Among baseball fans and historians, there has long been a Mays vs Mantle debate. Both Willie Mays and Mickey Mantle are among the best players in baseball history. But who was the better player, Mantle or Mays? Obviously, there’s no debate that both are among the greatest outfielders in MLB history. But if you could only pick one, who would it be?
Mays vs Mantle: Who had the better career?
For what it’s worth, there is probably no wrong answer in the Mays vs Mantle debate. Nevertheless, we decided to look at the history books and examine both players closely decades after their careers ended. Let’s take a deep dive into the careers of both Willie Mays and Mickey Mantle to determine the better player.
There is certainly a good debate between Mays and Mantle with regard to the better overall hitter. Each player won a battling title during their career, although just one. Mantle had 10 seasons in which he hit .300 or better, but his career average plummeted during the latter years of his career, causing his career average to dip to .298. He also finished his career with just 2,415 total hits while Mays surpassed 3,200 hits, albeit in a longer career.
Likewise, Mays had 10 seasons in which he hit .300 or better but did finish his longer career with an average of .301, slightly higher than Mantle. Also, while Mantle was far more prone to strikeouts than Mays, the former Yankee was also better at drawing walks and finished with a higher on-base percentage than Mays.
The power department is another area where it’s tough to separate Mantle and Mays. The two finished their careers with an identical slugging percentage of .557. Of course, Mays has the edge in total home runs, in part because he played more seasons than Mantle.
Mays finished his career with 660 homers, a number surpassed only by Barry Bonds, Hank Aaron, Babe Ruth, Albert Pujols, and Alex Rodriguez with a few of those players helped by performance-enhancing drugs. Meanwhile, Mantle ranks 18th on the all-time list with 536 home runs. For what it’s worth, both players averaged around 30 home runs per season, so it’s hard for either to stand out, even if Mays ranks higher on the all-time home run list.
To be fair, longevity may not be the most important factor in terms of great baseball players, but it’s hard to deny that Mays gets a slight edge. Mantle’s knee problems caused him to retire after 18 seasons whereas Mays spent over 20 seasons in the big leagues, playing from 1951 to 73.
To his credit, Mantle was in the big leagues as a teenager whereas Mays didn’t make his debut until a few weeks after his 20th birthday. But Mays also played until he was 42 and also missed nearly two full seasons early in his career while serving in the Army. He was able to pick up where he left off, which is not something that can be said of Mantle.
The biggest gap between Mays and Mantle exists when it comes to their defensive prowess. For what it’s worth, Mantle was a solid center fielder who won a Gold Glove in 1962 despite a shoulder injury during the 1957 World Series hindering his throwing. However, Mantle had to work hard to become a competent center fielder while Mays was a more natural fit for the position.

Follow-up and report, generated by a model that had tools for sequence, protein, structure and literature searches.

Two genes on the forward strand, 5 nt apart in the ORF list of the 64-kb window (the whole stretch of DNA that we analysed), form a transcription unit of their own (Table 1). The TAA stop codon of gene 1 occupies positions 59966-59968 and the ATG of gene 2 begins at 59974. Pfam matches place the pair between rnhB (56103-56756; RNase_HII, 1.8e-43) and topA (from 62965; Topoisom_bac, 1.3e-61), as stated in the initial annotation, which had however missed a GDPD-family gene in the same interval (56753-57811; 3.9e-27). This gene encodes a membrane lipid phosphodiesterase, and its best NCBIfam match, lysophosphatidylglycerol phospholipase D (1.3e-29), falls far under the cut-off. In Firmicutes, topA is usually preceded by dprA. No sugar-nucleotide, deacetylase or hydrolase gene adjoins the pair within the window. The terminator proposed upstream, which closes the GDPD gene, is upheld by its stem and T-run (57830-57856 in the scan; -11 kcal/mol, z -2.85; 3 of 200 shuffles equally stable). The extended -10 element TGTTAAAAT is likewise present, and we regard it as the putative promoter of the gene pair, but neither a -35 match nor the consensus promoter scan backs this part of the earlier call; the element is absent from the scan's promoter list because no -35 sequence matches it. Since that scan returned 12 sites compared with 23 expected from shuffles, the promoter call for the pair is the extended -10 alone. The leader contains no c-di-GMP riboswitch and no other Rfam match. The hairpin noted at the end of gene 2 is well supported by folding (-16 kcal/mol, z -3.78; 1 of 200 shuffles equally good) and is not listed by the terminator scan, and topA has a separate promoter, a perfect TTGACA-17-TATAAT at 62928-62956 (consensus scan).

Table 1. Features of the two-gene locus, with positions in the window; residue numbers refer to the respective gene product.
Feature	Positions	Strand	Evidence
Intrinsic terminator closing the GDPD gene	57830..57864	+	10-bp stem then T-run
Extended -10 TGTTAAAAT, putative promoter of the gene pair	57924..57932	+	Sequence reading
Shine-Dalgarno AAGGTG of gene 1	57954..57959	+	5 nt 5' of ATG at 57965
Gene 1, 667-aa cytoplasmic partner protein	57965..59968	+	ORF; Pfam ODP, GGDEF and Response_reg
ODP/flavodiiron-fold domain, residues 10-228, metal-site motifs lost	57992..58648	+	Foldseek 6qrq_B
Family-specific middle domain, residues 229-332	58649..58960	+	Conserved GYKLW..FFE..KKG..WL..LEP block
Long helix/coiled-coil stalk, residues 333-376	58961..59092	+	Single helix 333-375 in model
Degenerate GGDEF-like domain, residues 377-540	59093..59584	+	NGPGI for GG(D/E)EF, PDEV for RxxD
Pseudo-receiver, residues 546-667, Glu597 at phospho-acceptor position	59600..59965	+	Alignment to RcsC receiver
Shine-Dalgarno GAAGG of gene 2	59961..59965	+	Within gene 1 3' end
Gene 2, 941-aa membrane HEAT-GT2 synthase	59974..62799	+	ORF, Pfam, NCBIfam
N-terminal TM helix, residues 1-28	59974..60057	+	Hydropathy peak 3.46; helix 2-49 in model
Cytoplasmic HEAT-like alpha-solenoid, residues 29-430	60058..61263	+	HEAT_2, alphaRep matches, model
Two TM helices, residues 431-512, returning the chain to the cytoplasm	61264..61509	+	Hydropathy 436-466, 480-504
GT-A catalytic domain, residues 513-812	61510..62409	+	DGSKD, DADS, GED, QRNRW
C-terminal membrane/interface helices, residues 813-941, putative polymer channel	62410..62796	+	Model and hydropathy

Mays had elite speed, great instincts, and one of the best arms of any center fielder in baseball history. That’s why he was able to win 12 consecutive Gold Gloves from 1957 to 1968, leaving no doubt that he was the best center fielder in the game during that time. Of course, his famous catch in Game 1 of the 1954 World Series remains one of the greatest defensive plays in baseball history, even if its’ just the tip of the iceberg when it comes to what Mays brought to the table defensively.
Needless to say, both Mays and Mantle were accomplished players who won plenty of awards. In 1951, Mays won Rookie of the Year, an award that Mantle never won. He then won MVP in 1954 despite spending the entire 1953 season in the Army. Mays later won his second MVP in 1965, more than a decade later. As mentioned, he also won a batting title and 12 Gold Gloves while also leading the National League in home runs four times and stolen bases four times.
On the contrary, Mantle won MVP honors three times and had three other years in which he was the MVP runner-up whereas Mays was MVP runner-up twice. Keep in mind that Mantle won MVP in back-to-back years in 1956 and 1957 and was a Triple Crown winner in 1956, which was the year of his only batting title. He also led the American League in home runs four times, including three times in a four-year span from 1955 to 1958.
The case is obviously strong for both players, but the edge in this discussion has to go to Mays. Both players were virtually equal to one another when it came to hitting, both for power and average. However, Mays was the superior base stealer, athlete, and defensive center fielder.
The fact that Mays played a few more years also gives him a slight edge over Mantle. Ultimately, Mays’ defensive abilities put him over the top. He was the most versatile and complete center fielder in baseball history, putting him a level above every other center fielder, including Mantle.